Perhaps it’s all his years as a business reporter, or maybe the clarity of thought afforded by The Independent’s precarious position, but Blackhurst is as commercially open an editor as you're likely to meet. At the Advertising Association’s LEAD event last month, he berated some fellow journalists who, "when you mention the word ‘advertising’, still hold their head in their hands or make the sign of the cross".

-It suddenly feels like a very good multimedia group. The demand for our journalism has never been higher-

"As far as I’m concerned, advertising is an absolutely vital source of revenue," Blackhurst says. "For all papers, [copy] sales are either static or they are declining. What’s fortunately providing an enormous amount of revenue is advertising."

Figures over the last decade confirm that while newspapers' share of advertising has been falling steadily in print, it still attracted around £1.2 billion in advertising spend last year, according to ZenithOptimedia (compared to £1.64 billion in 2002).

He singles out Sunday as "one of the major commercial days of the week" and says: "It’s very important that we provide a very attractive and enticing package. We’ll do everything we can to work as closely as possible with ad­vertisers, without losing our editorial integrity."

Such a declaration from the man leading the editorial teams behind The Independent, The Independent on Sunday and its 20p digest, i, should be welcomed. Collectively, the print titles are read by more than 1.1 million people, according to the latest National Readership Survey – ahead of The Guardian.

But Blackhurst makes a plea for more innovation when it comes to press ads. He cites the all-too-frequent requests from brands still wanting to run copy-led ads that look "just like actual editorial pages" as symptomatic of the lack of creativity currently dogging the industry.

He says there is a balance to be struck when marrying commercial with editorial, and admits The Independent made the wrong call with its handling of a Vodafone campaign before Christmas. The telecoms company took out coverwraps across most mid-market and quality newspapers (The Times refused), but The Independent instead opted for a large ad next to its editorial splash.

"We made a mistake," Blackhurst says now. "The ad was actually far too big for the page. If we had agreed to the coverwrap, it would have kept it quite distinct from the editorial offering."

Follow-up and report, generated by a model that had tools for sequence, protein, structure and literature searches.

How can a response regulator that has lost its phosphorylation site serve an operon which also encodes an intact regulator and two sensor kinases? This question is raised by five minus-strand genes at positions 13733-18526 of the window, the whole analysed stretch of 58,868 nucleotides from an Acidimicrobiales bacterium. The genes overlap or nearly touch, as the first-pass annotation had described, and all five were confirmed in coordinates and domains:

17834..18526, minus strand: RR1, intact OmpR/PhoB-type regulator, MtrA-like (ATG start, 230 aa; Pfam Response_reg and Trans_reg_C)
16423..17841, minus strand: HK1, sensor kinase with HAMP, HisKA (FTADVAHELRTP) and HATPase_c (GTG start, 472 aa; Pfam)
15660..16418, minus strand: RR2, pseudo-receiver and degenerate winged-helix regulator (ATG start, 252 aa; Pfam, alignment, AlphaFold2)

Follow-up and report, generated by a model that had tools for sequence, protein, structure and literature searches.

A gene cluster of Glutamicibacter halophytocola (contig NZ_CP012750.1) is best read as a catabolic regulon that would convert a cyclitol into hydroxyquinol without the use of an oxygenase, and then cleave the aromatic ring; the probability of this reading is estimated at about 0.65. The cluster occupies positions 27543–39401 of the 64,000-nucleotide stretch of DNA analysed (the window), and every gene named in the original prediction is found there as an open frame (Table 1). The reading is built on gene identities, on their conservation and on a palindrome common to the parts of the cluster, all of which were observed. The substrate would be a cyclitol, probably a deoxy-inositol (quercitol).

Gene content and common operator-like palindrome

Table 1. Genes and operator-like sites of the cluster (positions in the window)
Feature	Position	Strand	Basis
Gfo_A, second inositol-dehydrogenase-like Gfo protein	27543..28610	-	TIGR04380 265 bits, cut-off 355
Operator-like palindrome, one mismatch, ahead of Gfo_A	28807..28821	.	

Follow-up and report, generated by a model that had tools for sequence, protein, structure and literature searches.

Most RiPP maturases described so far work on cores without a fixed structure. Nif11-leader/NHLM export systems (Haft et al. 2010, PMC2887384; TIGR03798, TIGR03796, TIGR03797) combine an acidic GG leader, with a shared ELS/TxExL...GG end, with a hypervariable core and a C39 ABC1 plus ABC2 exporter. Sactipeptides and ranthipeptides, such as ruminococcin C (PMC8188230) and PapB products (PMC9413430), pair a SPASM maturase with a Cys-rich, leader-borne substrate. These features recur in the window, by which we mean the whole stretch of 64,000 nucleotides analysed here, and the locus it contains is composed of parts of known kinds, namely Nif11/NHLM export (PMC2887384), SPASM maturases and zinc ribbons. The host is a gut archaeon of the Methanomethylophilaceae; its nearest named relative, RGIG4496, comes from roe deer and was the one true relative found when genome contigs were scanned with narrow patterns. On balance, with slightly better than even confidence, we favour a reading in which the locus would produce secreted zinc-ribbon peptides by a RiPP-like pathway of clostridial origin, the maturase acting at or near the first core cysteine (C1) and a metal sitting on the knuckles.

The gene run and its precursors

There was some reason for optimism in last week’s digital figures, with unique browsers for The Independent’s site up nearly 20 per cent month on month to 25.2 million. Blackhurst admits the brand has been "a slow starter online", but says: "We really are finally motoring online."

He hints at new app launches in the coming months, but is reluctant to elaborate. He becomes more animated when asked about the boost provided by the group’s success in securing the London TV franchise.

"We’ve got the Standard, which is making a profit for the first time, and The Independent titles, where losses have come right down from £22 million to around £13 million," he says. "If you put all that together with the prospect of a TV station for London, one of the greatest cities in the world, it suddenly feels like a very good multimedia group, with a lot of action on a lot of fronts."

Blackhurst recognises his new role within the group will bring challenges and more demands in an ongoing period of uncertainty for newspapers, but maintains that journalism still offers a "great career" for those of a certain disposition.

"Journalism's a very natural job," he says. "It's about pandering to our nature as human beings to be inquisitive and to be nosey. And the thing that sustains me, is that the demand for our journalism has never been higher."

So, perhaps some reason to smile, after all.

The lowdown

Age: 53
Lives: Kingston
Desert-island luxury: A tennis racket, ball and wall
Favourite media brands other than The Independent: The New Yorker, The Spectator, The Economist
Interests: Golf, football (Fulham), racketball